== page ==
Book Recommendation: Rich Dad, Poor Dad

Rich Dad Poor Dad CoverRich Dad, Poor Dad by Robert T. Kiyosak provides an interesting take on modern finance, and particularly the different ways that rich and poor people approach how they spend and use money. Good financial management is a fundamental core life skill and one that if not mastered is likely to lead to a lifetime of unhappiness. As a result, encouraging your child to develop good financial management skills is one of the major focuses for those who wish to raise a child who will become a happy and successful adult. Reading this book will help you work out how to teach your kids how to look after their money and build wealth over their lifetimes, and it may have the added bonus of helping you understand a few things which you might not yet have learned yourself!

Basic Book Information (2011 Paperback Edition): ISBN: 978-1612680002; Year of First Publication: 1997; Recommended Retail Price (RRP): £11.99/US$16.95; Number of Pages: 178. To purchase this book in the UK, click here. To purchase this book in the USA, click here.

What is this book about? This book is all about the difference between how rich and poor people approach money, and how to build wealth so you have the freedom to do what you want to do in life (which is a sure-fire way to adult happiness) rather than having to work at a mind-numbing job just to pay the bills (which is not!). While the style it is written in will not be to everyone’s taste, the key ethos behind it is very solid and important. This is, that those who are financially sound focus on investing in assets first and spend anything that is left over, while those who are not on a firm financial footing (no matter how much they actually earn) concentrate on spending money on liabilities first and only invest in assets if they have anything left (which will rarely, if ever, happen because spending on liabilities almost always ends up consuming everything they earn). While I don’t agree with everything in this book (especially in relation to tax avoidance and corporations), I think this basic principle, along with an understanding of what is an asset and what is a liability, is a crucial element in the financial education of any child, and it is one that should be taught as early as possible.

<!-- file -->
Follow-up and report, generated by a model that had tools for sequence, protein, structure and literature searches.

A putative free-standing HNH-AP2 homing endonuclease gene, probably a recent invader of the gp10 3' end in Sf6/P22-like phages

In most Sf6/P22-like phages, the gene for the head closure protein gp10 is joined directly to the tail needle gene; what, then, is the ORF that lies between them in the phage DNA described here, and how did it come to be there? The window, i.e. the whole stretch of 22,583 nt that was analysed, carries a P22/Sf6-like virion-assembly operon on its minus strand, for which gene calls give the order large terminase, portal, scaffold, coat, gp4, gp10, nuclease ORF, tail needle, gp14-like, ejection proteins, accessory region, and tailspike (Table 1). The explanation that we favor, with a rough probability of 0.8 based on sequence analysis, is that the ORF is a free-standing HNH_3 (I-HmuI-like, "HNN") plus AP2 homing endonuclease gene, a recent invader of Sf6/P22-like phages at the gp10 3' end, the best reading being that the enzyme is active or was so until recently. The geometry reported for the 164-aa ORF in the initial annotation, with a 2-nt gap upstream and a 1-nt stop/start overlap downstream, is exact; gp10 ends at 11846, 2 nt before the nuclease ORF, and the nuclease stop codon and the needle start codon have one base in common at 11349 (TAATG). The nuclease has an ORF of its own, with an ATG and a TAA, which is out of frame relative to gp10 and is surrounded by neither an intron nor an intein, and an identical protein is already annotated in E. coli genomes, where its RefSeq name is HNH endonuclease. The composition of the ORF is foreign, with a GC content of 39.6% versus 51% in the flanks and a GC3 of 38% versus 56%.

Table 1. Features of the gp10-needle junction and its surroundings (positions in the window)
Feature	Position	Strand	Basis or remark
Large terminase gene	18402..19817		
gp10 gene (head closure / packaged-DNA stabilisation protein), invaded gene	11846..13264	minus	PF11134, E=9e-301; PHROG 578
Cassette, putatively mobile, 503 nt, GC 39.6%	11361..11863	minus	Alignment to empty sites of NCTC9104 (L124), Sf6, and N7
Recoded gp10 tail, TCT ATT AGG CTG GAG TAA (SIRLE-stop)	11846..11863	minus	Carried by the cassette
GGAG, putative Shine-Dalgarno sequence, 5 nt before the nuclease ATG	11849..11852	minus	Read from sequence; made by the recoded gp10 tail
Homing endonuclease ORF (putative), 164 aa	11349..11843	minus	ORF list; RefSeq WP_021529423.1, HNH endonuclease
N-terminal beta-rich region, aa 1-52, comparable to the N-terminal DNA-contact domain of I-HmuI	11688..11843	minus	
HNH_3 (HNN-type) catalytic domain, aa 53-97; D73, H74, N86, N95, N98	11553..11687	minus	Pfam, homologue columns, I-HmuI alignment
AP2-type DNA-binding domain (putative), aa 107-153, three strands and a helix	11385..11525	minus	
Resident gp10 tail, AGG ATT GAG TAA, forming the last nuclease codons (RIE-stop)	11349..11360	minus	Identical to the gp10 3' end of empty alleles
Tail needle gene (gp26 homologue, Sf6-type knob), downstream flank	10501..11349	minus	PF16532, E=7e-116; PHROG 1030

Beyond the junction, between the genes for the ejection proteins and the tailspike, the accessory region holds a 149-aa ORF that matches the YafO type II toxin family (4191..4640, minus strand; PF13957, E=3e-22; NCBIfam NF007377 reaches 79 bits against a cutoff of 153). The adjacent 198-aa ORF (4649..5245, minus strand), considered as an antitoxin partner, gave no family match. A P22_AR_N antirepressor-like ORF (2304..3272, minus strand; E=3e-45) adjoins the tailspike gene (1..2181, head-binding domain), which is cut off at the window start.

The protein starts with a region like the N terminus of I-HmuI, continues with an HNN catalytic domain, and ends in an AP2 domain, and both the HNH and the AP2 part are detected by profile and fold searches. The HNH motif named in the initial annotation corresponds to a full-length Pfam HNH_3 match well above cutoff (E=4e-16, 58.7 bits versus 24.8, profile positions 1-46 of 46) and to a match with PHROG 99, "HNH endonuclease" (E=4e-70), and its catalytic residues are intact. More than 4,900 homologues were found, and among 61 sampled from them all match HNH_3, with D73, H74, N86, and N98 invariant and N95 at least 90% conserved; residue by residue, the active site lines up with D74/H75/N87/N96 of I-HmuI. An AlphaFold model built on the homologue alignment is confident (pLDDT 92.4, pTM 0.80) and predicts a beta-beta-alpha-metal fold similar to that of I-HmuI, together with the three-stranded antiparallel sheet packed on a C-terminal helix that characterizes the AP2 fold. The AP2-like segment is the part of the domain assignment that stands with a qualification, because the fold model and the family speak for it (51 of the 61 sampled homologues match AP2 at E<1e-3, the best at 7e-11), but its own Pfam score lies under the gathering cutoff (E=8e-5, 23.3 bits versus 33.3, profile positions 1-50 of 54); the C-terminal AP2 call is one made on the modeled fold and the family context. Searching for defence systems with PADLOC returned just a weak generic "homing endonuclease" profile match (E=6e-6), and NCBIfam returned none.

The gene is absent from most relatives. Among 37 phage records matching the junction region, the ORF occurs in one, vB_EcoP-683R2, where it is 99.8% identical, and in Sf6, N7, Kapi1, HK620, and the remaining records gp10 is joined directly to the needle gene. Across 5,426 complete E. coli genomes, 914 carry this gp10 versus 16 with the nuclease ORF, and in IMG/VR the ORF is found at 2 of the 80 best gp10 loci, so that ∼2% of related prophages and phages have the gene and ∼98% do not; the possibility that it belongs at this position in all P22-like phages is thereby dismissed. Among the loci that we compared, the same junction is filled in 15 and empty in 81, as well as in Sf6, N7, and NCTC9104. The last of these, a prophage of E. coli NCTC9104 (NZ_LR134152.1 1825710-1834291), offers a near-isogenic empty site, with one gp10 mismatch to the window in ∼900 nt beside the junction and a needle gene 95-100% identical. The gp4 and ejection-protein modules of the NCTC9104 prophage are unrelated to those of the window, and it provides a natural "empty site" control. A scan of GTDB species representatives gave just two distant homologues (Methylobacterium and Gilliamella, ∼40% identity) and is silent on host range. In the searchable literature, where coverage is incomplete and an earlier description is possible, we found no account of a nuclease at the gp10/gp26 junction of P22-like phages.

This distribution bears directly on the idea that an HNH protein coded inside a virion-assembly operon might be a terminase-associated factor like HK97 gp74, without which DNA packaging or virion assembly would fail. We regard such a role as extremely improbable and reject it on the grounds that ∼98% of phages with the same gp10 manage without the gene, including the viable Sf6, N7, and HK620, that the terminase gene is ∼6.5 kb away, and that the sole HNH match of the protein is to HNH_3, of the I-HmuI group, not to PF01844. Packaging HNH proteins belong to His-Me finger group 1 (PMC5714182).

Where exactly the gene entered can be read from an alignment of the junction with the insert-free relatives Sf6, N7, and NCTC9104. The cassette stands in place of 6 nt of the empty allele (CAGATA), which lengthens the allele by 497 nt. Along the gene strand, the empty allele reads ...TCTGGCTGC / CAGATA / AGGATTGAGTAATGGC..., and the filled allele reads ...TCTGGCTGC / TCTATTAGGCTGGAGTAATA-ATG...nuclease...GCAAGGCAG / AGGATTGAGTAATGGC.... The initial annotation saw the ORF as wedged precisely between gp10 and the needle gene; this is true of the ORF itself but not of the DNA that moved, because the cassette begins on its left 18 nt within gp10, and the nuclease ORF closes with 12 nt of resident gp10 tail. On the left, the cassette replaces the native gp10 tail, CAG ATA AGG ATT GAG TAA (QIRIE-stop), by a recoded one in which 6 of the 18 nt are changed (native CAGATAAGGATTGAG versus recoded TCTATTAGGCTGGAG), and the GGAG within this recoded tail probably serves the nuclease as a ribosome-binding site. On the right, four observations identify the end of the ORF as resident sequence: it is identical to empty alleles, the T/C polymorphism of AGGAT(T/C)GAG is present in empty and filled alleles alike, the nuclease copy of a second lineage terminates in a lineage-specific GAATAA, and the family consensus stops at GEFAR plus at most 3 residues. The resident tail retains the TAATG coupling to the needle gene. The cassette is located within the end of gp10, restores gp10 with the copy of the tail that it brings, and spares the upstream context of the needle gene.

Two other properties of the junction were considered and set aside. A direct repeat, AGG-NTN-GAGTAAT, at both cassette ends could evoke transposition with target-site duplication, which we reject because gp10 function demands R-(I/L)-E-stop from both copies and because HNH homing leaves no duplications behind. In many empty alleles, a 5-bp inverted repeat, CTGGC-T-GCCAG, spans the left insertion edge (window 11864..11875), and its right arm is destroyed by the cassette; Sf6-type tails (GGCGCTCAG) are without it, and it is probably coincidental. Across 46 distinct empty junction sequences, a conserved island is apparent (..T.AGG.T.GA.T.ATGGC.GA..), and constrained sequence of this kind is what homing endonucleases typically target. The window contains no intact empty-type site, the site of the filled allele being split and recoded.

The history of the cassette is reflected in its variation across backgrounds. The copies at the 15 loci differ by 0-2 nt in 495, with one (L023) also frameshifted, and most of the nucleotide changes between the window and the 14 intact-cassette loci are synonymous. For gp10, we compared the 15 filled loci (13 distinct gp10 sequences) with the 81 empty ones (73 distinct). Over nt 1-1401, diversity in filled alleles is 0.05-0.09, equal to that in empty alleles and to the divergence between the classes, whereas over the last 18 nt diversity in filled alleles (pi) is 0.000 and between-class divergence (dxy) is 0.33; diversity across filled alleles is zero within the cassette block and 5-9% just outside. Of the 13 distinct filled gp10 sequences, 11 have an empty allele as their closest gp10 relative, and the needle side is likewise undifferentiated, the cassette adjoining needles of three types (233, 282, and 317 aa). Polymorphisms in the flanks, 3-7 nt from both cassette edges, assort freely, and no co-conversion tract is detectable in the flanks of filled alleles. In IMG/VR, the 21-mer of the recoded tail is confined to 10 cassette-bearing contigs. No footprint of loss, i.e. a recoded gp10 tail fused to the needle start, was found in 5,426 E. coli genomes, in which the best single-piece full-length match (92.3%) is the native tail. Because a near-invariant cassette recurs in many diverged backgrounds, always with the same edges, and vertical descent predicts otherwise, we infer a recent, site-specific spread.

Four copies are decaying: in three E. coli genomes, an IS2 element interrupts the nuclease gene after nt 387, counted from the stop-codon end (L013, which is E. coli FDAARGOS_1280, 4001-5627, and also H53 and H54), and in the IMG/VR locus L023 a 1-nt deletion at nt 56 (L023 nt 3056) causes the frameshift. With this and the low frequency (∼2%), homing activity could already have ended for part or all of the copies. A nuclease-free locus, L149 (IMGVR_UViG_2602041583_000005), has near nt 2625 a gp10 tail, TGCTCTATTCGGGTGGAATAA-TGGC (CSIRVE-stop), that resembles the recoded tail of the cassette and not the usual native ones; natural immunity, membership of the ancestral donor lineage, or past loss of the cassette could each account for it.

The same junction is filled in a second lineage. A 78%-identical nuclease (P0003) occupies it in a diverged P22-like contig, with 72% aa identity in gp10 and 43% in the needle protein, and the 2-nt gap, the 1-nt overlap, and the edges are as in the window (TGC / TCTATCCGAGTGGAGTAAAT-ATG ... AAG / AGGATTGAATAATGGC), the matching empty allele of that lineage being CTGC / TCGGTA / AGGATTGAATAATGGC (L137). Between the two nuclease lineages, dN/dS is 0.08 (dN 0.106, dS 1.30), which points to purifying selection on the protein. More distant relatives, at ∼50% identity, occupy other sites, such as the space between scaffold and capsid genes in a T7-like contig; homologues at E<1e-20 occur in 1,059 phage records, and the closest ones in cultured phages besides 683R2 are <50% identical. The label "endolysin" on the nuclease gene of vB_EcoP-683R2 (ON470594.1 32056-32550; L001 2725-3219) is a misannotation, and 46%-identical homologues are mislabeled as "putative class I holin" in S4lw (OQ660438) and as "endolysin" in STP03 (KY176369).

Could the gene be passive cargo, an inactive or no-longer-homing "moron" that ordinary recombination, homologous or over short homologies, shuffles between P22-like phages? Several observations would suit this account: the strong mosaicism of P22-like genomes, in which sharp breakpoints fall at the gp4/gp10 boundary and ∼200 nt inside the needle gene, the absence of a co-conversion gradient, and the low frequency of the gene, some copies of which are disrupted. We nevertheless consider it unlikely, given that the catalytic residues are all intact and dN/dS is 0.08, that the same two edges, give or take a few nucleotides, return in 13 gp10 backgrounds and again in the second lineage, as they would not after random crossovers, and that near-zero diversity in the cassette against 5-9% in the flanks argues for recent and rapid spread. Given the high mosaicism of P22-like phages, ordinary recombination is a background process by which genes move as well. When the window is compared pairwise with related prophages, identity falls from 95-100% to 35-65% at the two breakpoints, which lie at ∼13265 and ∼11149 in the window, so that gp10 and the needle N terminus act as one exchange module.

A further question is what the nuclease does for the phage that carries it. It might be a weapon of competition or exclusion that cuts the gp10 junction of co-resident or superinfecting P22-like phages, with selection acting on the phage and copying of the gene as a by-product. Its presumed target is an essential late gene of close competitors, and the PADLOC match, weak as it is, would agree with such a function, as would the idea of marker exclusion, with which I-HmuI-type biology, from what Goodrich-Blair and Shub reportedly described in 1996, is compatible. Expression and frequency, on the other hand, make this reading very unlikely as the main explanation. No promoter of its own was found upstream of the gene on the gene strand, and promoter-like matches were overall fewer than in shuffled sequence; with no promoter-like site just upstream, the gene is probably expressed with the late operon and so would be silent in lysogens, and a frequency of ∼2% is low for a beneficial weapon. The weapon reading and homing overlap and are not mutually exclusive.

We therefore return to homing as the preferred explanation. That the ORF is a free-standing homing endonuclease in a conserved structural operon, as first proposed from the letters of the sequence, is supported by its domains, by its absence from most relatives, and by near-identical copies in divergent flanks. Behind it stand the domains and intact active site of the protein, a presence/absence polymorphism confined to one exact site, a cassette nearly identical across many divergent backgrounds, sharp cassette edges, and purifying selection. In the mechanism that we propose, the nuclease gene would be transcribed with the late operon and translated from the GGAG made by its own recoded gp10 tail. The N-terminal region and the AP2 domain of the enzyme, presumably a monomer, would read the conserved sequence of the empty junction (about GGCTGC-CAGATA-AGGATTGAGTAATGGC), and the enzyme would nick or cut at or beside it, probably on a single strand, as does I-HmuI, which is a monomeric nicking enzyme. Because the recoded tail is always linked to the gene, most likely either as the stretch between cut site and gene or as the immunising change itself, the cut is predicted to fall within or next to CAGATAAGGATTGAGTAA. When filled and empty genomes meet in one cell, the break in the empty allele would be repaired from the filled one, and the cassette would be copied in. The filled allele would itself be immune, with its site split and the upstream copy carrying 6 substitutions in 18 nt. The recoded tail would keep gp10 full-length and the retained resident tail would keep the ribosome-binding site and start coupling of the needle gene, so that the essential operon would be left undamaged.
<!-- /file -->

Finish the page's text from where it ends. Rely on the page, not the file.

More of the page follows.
Why is it important to know? Good financial management is one of the main keys to a happy and successful adult life, and much of adult unhappiness is rooted in poor financial management. As a result, it is essential that children gain good financial management skills as early as possible. However, you can only encourage your child to develop good financial management skills if you understand what exactly you should be encouraging them to develop. Reading this book will help you understand what you should be teaching them.

What are the key take home messages? 1. You can gain financial independence, meaning you are in control of exactly who you work for, what you do and when you do it, by prioritising the investment in assets over the purchasing of liabilities; 2. Assets are anything that generates you an income or that appreciates in value over time without you having to spend additional time on it, such as rental property, stocks and shares, and royalties from intellectual property (including music, books, websites and patents); 3. Liabilities are anything that you have to continue working to pay for or maintain, such as your own home, a car, consumer goods, like the latest television, and financial debts like loans or credit card debt; 4. The key to a sound financial future is to keep your expenses low, reduce your liabilities to a minimum and build a base of solid assets, and to start doing this at as young an age as possible.

Who is the author? Robert T. Kiyosaki is an American businessman, investor, and financial self-help author. He has a keen interest in financial education for both adults and children, and he is the creator of the Cashflow board and software games that teach adults and children business and financial concepts. Rich Dad, Poor Dad is one of a series of books aimed at increasing financial education and awareness. While not universally respected (he has a bit of a checkered financial history), he does provide some interesting views on how to develop a stable financial footing, and as this article on MoneyMiniBlog concludes “… You should be reading his books for wealth-building information, not moral guidance.” Having read this book, this is a sentiment I’d definitely agree with.

How technical is this book? This book is a mix of personal stories from the author’s life and advice, and it is written in an easy-to-read style, with illustrations which help to get his points across. It’s rather repetitive in places, in terms of trying to get its key message across, but this doesn’t necessarily detract from the message itself.

How long will it take to read? At 178 pages, the main body of this book might seem quite long, but it’s an easy read, and it shouldn’t take longer than four or five hours to read it from cover to cover.

Are there other books by the same author? Rich Dad, Poor Dad is the first in a range of financial self-help books written by Robert T. Kiyosaki. Others include Rich Dad, Poor Dad for Teens and The CashFlow Quadrant. You can find more information about them here (if you are based in the UK) or here (if you are based on the USA).

Links To Purchase This Book

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About The Author: This post was written by Colin Drysdale, the creator of How To Raise A Happy Genius.

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